It's Ice-Nine. It's potential armageddon. It's the big dirt nap for everything on the planet, far worse than nukes.
Like it or not, nanotech is coming. It's going to be military first; any new technology must be first tested by using it to hurt people. Then we're going to see nanotech tools in the commercial sector. There may be assisting developments in the technology tree, perhaps in chemistry or bioscience, that will make it easier to develop and implement nanosystems; the ingression of nanoscale manufacture into our lives may well happen very quickly, because much of the R&D work is done. But what if Russia gets it first, or Iraq? What'll become of the Great Satan and all its servant nations then? So the military has a mandate to develop this kind of science, and do it quickly: we must not allow one of our enemies to develop an assembler first.
So how do we control this kind of technology that can spread massively and on its own power, devices that can manufacture themselves for free and cause damage on a Terra scale? In the sort of personal empowerment the Cyberpunk writers talk about, they often somewhat sidestep the problem of fundamental human evil, and of homicidal madness.
You'll notice that the common denominator in many of the preceding paragraphs was the word INFORMATION.
How many incidents of domestic bioterror, or electronic HERF pulse terror, or nanotech-assisted crime-- and it'll be gruesome and mediagenic-- will it take for the public to cry out for the government to do something, anything, to keep them safe?
How can the government possibly regulate this sort of technology once it spreads? How can they prevent lone wolves, or small organizations, from procuring technology infrastructures that cost very little to produce and don't require anything weird, like uranium? And of course the government will know that they can't do a thing about it, but they'll pass widespread legislation anyway, to "keep us safe" and to consolidate the powerbases they've held for hundreds of years that are now suddenly looking like beachfront mansions in Miami. The kind that you see down by the Keys, half-submerged.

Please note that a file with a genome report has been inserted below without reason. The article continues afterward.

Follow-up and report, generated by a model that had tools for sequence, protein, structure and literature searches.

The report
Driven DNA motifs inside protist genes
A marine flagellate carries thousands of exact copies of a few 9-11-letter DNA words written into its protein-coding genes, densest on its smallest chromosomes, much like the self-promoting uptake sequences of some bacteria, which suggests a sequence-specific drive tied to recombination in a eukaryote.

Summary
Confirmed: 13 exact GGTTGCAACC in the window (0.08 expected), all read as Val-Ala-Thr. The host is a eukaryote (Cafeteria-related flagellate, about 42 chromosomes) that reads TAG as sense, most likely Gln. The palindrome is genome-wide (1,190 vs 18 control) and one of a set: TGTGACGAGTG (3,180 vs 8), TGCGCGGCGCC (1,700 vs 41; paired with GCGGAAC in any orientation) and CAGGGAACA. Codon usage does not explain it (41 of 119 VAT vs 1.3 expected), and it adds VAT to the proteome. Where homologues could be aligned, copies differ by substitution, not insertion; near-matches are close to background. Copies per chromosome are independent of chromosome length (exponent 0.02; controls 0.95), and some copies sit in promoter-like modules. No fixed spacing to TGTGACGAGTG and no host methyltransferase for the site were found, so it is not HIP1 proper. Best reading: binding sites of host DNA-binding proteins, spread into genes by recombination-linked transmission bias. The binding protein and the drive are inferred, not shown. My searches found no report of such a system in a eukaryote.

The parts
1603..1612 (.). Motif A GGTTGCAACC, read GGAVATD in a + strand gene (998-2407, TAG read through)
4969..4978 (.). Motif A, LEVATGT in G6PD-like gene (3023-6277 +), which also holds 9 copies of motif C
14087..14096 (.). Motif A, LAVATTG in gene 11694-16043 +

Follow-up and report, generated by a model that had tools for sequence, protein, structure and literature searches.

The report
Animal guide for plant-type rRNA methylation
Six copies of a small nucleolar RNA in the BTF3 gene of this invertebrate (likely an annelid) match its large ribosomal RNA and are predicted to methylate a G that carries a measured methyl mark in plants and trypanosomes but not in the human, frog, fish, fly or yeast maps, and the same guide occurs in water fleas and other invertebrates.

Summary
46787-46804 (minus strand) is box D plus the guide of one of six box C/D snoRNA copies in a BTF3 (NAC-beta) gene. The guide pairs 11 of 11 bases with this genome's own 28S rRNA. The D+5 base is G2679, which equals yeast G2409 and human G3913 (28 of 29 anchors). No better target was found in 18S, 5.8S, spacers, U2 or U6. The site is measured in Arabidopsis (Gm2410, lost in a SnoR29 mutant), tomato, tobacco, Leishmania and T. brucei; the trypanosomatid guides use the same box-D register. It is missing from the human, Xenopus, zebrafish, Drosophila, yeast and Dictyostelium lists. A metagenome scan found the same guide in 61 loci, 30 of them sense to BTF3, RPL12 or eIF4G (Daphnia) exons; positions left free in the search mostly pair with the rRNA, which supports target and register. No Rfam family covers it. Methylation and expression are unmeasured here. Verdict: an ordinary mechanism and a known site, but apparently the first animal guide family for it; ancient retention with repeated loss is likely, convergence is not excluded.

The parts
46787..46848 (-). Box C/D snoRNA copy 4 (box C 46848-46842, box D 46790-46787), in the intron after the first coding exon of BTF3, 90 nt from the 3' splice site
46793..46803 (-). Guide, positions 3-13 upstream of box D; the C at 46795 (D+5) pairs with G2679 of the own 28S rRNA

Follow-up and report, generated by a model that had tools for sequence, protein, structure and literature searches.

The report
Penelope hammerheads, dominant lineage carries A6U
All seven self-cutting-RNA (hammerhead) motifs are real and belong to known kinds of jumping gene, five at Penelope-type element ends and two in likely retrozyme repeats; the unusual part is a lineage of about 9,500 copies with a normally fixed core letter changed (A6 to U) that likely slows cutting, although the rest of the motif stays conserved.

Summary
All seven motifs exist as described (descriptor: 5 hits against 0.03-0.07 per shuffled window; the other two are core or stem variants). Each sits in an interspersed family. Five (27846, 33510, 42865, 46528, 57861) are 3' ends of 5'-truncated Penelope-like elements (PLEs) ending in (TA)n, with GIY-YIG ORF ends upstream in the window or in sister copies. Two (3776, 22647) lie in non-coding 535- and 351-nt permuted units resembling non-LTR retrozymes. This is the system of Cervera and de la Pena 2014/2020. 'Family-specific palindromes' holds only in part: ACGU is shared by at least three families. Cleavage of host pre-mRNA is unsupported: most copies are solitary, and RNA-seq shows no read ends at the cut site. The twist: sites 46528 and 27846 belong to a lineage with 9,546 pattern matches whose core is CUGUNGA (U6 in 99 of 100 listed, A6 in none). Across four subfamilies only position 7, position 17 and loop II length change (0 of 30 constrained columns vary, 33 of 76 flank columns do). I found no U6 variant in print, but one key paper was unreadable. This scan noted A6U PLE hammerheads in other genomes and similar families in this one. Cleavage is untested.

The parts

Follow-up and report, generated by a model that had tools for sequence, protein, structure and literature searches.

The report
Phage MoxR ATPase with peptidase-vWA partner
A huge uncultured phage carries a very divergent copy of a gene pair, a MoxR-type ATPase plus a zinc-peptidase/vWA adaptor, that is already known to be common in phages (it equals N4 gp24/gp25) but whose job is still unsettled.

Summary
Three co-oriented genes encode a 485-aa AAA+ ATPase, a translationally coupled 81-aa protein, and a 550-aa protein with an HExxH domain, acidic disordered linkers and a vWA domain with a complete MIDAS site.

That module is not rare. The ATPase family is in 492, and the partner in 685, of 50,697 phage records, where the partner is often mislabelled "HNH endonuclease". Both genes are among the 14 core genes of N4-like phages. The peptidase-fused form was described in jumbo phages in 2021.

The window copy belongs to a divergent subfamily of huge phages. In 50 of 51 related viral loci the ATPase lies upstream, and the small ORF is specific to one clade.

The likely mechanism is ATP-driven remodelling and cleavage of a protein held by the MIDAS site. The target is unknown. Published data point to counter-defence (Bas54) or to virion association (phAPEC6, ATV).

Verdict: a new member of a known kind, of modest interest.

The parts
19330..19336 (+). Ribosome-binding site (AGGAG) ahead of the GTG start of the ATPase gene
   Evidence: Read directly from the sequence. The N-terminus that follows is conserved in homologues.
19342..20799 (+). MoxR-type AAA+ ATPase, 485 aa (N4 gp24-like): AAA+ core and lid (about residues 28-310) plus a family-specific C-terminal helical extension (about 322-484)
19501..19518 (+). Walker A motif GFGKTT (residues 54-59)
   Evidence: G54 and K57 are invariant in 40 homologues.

Did you know that Aum Shinrikyo appears to have detonated a nuclear device in the Australian outback in 1993? These are the same benevolent angels, remember, who blew a SARIN device in the Tokyo subway in 95, IIRC. Not the sort of person you want to trust with supertechnology, or the information to produce it.
Point is: If information wants to be free, and we can't stop it from being free now that it's spread its electronic tributaries and wave tendrils throughout our society... What are the implications for human society? How do we reconcile Kuro5hin's ideals of information freedom and human privacy and personal empowerment with issues of human evil and the rise of technology, which WE ARE ABETTING, capable of producing grievous effects? And don't just reply "There'll be technological safeguards built in" because you all know as well as I do that it's far easier to destroy than create, and that initiative rests with the sudden attacker.